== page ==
Nerves between pancreatic endocrine cells modulate their function
Around one million islets stand between you and dangerously high levels of sugar in your blood. Islets are groups of endocrine cells in your pancreas that release hormones to control your blood sugar levels – if they’re impaired diabetes can develop. Previous models of diabetes have found changes in the structure of nerves that supply islets. Now, using zebrafish genetically engineered so that their islet and nerve cells fluoresce and can be visualised, researchers investigate whether these nerves play a role in controlling islets. 3D reconstructions of fluorescence microscopy images (pictured) revealed islet nerves (green and magenta) in direct contact (magenta) with endocrine cells (grey), specifically beta (left), delta (middle) and alpha cells (right). These endocrine cells are ‘coupled’ to each other by electrical signals, so activity in one triggers activity in its neighbour. The team found suppressing islet nerve activity reduced coupling, highlighting a key role of these nerves in islet function.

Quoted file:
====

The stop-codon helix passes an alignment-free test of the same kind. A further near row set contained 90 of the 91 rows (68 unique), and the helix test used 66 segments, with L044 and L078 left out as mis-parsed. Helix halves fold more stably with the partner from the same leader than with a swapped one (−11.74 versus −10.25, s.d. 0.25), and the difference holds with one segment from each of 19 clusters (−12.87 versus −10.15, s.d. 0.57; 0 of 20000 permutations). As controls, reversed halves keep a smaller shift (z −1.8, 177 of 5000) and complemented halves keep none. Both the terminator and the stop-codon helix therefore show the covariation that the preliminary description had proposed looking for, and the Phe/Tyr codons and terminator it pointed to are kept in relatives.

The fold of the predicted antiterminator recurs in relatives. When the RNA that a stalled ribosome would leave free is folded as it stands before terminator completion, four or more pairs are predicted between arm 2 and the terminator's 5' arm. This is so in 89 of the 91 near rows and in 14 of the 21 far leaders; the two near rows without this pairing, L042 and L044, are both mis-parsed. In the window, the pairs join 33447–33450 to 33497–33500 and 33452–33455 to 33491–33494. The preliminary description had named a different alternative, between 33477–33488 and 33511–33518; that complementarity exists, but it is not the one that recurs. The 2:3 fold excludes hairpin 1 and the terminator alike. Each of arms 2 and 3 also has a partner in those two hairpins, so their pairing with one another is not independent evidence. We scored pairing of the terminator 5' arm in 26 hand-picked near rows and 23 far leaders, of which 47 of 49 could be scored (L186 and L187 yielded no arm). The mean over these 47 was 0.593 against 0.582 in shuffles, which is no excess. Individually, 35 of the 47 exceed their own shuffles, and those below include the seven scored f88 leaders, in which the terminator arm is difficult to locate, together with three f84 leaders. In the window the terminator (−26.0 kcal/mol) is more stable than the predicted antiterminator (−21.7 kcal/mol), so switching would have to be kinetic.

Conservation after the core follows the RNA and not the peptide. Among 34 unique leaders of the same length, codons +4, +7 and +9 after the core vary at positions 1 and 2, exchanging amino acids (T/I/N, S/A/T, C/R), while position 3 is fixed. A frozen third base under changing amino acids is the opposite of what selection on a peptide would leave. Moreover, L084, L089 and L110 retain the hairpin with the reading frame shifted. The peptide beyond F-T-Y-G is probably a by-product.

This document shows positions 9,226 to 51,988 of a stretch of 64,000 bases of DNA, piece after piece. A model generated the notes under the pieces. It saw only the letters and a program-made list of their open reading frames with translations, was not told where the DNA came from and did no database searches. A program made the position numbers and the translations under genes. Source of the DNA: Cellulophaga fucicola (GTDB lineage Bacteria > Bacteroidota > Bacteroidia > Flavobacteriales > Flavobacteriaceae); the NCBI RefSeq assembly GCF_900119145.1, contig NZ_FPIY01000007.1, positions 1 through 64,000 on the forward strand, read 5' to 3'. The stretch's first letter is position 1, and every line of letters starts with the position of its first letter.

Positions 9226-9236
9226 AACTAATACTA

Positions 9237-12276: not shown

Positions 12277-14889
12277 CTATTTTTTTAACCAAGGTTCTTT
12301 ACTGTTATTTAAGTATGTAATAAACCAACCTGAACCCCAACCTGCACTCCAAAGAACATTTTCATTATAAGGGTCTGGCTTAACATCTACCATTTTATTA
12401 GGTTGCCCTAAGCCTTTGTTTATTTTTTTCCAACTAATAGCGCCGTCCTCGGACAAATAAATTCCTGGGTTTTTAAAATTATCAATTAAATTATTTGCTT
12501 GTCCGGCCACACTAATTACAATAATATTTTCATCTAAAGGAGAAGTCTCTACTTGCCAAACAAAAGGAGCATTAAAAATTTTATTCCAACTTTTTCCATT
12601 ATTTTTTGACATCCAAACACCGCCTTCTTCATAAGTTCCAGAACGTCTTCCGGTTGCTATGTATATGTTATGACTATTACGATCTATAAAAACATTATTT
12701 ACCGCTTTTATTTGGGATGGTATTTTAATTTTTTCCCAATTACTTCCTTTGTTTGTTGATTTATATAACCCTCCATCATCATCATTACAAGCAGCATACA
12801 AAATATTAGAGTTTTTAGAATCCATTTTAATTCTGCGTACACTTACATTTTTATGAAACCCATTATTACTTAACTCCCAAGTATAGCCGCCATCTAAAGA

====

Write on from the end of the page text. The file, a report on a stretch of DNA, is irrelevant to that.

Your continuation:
BPoD stands for Biomedical Picture of the Day. Managed by the MRC London Institute of Medical Sciences the website aims to engage everyone, young and old, in the wonders of biomedicine. Images are kindly provided for inclusion on this website through the generosity of scientists across the globe.
BPoD is also available in Catalan at www.bpod.cat with translations by the University of Valencia.